In the Santa Fe’s 1883 annual report, President Strong was forced to admit that while the company had completed another prosperous year, gross revenues remained on par with 1882. Despite the new connections with the Southern Pacific at Needles, Strong found himself reprising his report after joining the Southern Pacific at Deming: through traffic via the new connection had been very disappointing because Huntington was still directing the lion’s share either north over the Central Pacific or south over the Southern Pacific.

What California traffic the 35th parallel line did see was fraught with delays, bungled bills of lading, and misplaced freight cars. Even when California shippers specified a routing via the Southern Pacific–Atlantic and Pacific–Santa Fe line, “freight often became lost or delayed rather mysteriously between Needles and San Francisco.”7

Then disaster struck the newly completed California Southern. In December 1883 and January 1884, almost seven inches of rain fell at the Fallbrook weather station just downstream from normally arid Temecula Canyon. During February, rainfall of more than fifteen inches was recorded. The “brawling” Santa Margarita River through the gorge became a rising torrent. The man who found the pinecones had been right. The rushing water picked the track clean from its narrow perch and swept away bridges as if they were piles of kindling. San Diego learned the worst of the news on February 20, when passengers stranded by a rock slide near the southern end of the canyon walked into town.

To some, rebuilding the track in Temecula Canyon was a foregone conclusion. These included the Boston crowd, which footed the repair bill. To do otherwise would have abandoned their Southern California toehold and played right into Huntington’s hand. By late summer 1884, about one thousand men were at work in the canyon putting the rails and bridges right back where they had been. Others weren’t so sure about the decision. “Well,” mused one old-timer, “I have lived here a great many years and I don’t think you can ever put a railroad in that canyon which will stand.”

The line was finally reopened to through traffic between San Diego and San Bernardino on January 6, 1885, and San Diego’s ten-and-one-half-month isolation—after barely five months of rail service—was over.8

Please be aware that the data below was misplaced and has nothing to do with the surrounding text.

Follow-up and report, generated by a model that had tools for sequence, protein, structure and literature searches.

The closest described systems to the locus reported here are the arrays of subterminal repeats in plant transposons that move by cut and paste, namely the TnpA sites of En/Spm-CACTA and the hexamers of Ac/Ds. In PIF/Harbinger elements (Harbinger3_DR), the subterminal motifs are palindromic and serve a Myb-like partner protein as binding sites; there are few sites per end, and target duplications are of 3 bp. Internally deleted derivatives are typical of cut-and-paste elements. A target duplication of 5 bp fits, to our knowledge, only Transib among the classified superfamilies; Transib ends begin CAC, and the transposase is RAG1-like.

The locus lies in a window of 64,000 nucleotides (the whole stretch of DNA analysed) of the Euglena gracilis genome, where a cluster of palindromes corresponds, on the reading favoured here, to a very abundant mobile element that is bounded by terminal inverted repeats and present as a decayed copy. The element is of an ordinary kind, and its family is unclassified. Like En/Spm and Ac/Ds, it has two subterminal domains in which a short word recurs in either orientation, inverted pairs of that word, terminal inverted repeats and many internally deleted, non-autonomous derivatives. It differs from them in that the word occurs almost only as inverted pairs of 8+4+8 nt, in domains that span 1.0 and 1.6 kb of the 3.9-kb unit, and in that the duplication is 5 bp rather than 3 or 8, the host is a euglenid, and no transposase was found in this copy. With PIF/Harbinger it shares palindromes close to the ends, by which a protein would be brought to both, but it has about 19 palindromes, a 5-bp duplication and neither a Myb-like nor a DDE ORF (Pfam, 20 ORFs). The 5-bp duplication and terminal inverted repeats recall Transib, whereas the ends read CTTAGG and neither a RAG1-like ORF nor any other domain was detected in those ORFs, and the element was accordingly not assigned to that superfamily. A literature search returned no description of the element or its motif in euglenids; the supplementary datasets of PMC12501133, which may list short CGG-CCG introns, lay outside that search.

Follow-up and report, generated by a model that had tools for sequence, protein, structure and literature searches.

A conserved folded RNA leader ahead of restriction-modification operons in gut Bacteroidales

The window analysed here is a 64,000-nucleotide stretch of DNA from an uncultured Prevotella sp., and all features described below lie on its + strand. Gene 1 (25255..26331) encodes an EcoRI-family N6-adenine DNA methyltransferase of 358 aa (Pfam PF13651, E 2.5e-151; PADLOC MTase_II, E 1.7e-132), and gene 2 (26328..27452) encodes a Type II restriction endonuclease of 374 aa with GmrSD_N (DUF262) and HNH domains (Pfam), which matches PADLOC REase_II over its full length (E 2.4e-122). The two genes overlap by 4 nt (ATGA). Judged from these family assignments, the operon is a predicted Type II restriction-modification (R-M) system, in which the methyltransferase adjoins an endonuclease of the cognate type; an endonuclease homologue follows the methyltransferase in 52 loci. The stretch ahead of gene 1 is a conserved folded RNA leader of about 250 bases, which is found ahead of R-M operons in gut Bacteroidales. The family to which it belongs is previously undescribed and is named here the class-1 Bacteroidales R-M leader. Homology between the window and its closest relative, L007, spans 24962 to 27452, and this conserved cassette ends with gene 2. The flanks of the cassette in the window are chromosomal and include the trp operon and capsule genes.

• • •

Meanwhile, the Atlantic and Pacific was hardly a road to nowhere, but given the freight situation along the Southern Pacific west of Needles, neither was it a paying concern. With the completion of a substantial and permanent bridge over the Colorado River at Needles in the summer of 1884, the Santa Fe faced one of those crossing-the-Rubicon moments that either make or break great corporations.

From whichever of its western termini the Santa Fe looked—Deming, Needles, or the Sonora Railway—the Southern Pacific in one manner or another acted as a sieve to filter its traffic and impact its rates. The Santa Fe could continue to operate as it was and attempt to extract some profit from the Atlantic and Pacific’s massive though largely undeveloped land grants. But that was hardly in keeping with William Barstow Strong’s mantra that a railroad must ever expand its markets and territories or die.

A second option for the Santa Fe was to abandon the Atlantic and Pacific line and retrench the railroad’s core business on the plains and in the Midwest. That, too, was untenable for Strong, although one might speculate which result of this option Strong feared most: Huntington’s taking advantage of the abandoned Atlantic and Pacific route and streaking into the Santa Fe’s stronghold of New Mexico, or Cyrus K. Holliday’s howl of indignation at abandoning the long-held Pacific dream. No, neither the status quo nor a retreat was an option to Strong. That left one other alternative: an all-out attack.